The power of saying no can be simply life-changing. Whether you are a believer in this concept or not, it depends on the situations you’ve been involved in. For instance, some people who have been subjected to situations where they feel uncomfortable may have felt pressured to say “yes” in the first place. Sadly, this is become more common, although, more light is being shed on the “if I feel like staying home, then I will” with the Millennial generation.
If you were to type into your search engine “saying no” you’ll uncover around 5,360,000,000 results. Nearly all revolve around ‘gently saying no’. It’s not that the human species doesn’t want to interact (it may feel like that at times) but it comes down to “wanting to impress and pressure“. This happens in forms of peer pressure, the pressure to seem more interesting, family pressure, friends, etc. Eventually, the majority of us fit into the “people pleaser” category, we hate letting anyone down and intend on being the one friend/family/work member who is reliable enough to cover any function or need.
Why Do We Feel The Need To Be A “People Pleaser”
The psychology from being a “people pleaser” can stem from childhood or recent developments in your life. Let’s take a look at the most recent possible attributes:
- Noticing a work colleague who ends up receiving more recognition for being “overly reliable”
- Becoming the therapist or voice of reason when it comes to your group of friends
- Have family members been picking out another sibling’s success but, not recognizing your own?
- Suddenly have the feeling that if you don’t say “yes” to something you may miss the opportunity?
The list above can easily become unmanageable and create an unsteady balance between down-time and knowing when to say yes.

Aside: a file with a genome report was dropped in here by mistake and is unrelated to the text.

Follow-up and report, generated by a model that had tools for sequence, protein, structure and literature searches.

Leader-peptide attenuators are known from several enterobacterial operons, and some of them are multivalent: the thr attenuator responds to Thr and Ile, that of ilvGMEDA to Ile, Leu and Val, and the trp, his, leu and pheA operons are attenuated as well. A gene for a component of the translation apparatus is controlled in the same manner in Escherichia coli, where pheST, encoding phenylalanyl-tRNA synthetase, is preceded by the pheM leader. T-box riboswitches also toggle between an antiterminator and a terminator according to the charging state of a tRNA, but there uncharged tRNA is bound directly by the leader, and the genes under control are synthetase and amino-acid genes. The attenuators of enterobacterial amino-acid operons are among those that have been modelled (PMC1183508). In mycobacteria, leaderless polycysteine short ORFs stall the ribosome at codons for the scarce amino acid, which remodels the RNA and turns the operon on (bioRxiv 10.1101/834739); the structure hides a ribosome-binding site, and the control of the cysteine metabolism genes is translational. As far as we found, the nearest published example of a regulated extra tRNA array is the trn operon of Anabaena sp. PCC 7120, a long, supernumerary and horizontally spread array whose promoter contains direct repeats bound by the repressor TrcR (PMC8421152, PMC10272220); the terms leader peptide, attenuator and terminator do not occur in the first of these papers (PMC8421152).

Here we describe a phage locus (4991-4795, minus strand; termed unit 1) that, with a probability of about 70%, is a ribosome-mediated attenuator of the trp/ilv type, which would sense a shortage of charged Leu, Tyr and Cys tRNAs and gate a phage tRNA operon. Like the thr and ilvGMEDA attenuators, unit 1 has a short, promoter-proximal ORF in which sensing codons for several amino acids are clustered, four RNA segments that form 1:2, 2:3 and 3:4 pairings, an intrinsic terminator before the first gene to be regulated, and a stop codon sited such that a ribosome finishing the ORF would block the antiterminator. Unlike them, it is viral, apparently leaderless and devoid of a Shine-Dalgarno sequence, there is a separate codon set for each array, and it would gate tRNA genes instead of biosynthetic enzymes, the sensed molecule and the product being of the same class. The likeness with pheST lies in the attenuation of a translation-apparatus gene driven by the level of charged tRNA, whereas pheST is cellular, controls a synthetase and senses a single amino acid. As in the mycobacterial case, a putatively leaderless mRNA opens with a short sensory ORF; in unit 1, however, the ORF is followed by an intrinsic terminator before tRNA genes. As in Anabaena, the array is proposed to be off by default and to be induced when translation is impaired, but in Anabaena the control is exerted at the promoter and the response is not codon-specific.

How To Say No
When it comes to the power of no, there is a way of standing your ground without being hostile. For instance Kenny Nguyen’s TED Talk “The Art of Saying No” demonstrates how “saying no” eventually led to the CEO knowing what big ventures in his life would require a “yes” answer.
Essentially by applying “no” to certain areas of your life also create healthy boundaries as well. Another TED Talks this time with Sarri Gilman’s “Good Boundaries Free You” educate you towards setting the right boundaries in your relationships which can lead to a healthier life and even lifestyle.
You Are Not Being A Debbie Downer or a Buzz Kill
Who hasn’t been met with the responses above? While some may be joking around when they say “Oh you are just being a buzz kill” or “stop being a Debbie Downer“. This can ultimately paint a depressive portrait in our own minds. This is a form of self-sabotage. Do not feel bad for saying no. Whether you have prior commitments or need downtime; do not allow another to force you towards a negative self-image.
Once you understand the power of saying no, building healthy boundaries, and understanding when to say yes… there will be fewer limitations. Stand up for yourself and embrace how “no” can change your life for the better.